Customer Success can bring great value to a final stage sales prospect.
Short answer. Yes!
Customer Success will play a vital part in the prospect achieving their objectives so it’s understandable they should meet with them prior to signing the contract.
A former Sales VP once explained my presence in a sales meeting with this statement:
“I’ve bought Simon along with me today because you’re buying CS as much as the Product.”
And it’s true. It’s Customer Success that the client is going to speak to on a regular basis and it’s important that the prospect is allowed to meet with them. This could either be the Customer Success Manager(CSM) if you already know who would be assigned the account, or the team leader. Having both Sales and CS together should give the prospect confidence there is a joined-up approach to new business, and that even when the salesperson dissolves away post-deal, they know who will look after their ongoing business.
Whilst the Sales team will have a number of case studies and examples of how your software as solved the needs of many a prestigious client, it can be great to have a CSM bring these to life in the meeting. Just think of all the anecdotal insights you have which are great proof points to tell a prospect.
As CS has already met the client, it can ensure a smoother handover and quicker onboarding. They already know the challenges they want the software to solve, and are also aware of the potential hurdles. Whilst I would still advise on a ‘kick-off’ meeting/call, the process will now be much shorter. Another vital component is that the relationship has already started to develop before the client has even logged in.
You can build a process here with a well constructed Sales-to-CS document explaining all of the reasons why the client signed and also the potential challenges.
CS should also be involved in a sign-off stage. Not that any of us have seen Sales bring us an unsuitable client (right!?), but there is a risk that financial pressures on the Sales team mean that some prospects might not be as suitable as others, and unfortunately they get signed up. Whilst this is great for new business revenue, it instantly puts a huge pressure on the Customer Support team. What defines ‘unsuitable’ is going to vary for each business, but typical scenarios are:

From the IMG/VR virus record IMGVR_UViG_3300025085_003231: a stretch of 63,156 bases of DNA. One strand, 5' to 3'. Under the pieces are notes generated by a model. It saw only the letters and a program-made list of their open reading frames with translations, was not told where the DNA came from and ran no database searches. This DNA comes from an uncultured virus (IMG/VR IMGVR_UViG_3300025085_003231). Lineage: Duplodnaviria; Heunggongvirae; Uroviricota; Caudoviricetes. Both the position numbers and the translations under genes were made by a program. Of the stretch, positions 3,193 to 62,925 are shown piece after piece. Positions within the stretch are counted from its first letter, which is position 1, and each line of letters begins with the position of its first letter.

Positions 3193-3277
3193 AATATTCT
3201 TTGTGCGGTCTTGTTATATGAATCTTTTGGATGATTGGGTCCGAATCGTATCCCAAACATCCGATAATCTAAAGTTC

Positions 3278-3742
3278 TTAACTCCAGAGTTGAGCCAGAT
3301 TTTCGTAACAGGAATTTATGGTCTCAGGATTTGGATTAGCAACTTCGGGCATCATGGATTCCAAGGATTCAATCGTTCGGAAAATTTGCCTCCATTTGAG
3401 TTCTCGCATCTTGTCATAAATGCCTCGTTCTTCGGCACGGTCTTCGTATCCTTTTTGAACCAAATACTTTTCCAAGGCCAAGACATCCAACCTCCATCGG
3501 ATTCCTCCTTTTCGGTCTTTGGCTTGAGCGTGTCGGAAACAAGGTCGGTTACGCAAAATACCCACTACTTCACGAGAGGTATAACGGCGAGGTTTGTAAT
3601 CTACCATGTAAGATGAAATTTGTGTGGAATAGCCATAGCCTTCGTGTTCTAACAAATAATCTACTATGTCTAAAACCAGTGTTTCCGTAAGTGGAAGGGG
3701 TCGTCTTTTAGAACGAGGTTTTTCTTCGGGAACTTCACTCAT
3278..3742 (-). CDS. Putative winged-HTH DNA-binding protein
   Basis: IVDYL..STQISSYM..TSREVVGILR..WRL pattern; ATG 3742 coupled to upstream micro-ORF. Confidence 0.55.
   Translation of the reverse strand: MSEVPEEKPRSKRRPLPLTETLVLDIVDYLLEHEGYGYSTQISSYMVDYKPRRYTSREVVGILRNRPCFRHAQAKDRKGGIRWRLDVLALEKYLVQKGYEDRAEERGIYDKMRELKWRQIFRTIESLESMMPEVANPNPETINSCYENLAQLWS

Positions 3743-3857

Unsuitable clients will damage your business by being a huge drag on the time of Customer Success, a constant churn risk, and can ultimately damage your reputation in the market when it all goes wrong. This isn’t to say no client should ever be a challenge and stretch both the product and team, but some prospects fall way outside just ‘being a challenge’.
Customer Success can tell you in a flash what a bad deal looks like, and as we know retention, upsell and expansion are the key revenue drivers to a SaaS business, Customer Success should have a formal say on which clients come on to the platform.
No. The Sales staff still carry the new business sales number and should be compensated for that. The benefit to every CSM in being involved at the final stage of the sales cycle is they increase the chances of the client renewing, and that’s where CS will be compensated.
I’m not sure there are. The only argument might be that this is using up CS time that could be spent with existing clients, but if we consider that Customer Success is all about being proactive, then having them be a part of the sales process is only putting them on the front foot. The caveat to this is to ensure CS is only bought in for prospects with a high probability of converting.
Simon has over 10 years helping clients achieve their goals through the use of software. Having previously lead Customer Success teams in London, Europe and New York City, Simon now owns Kupr Consulting working with B2B SaaS companies to improve their Customer Success teams and processes.
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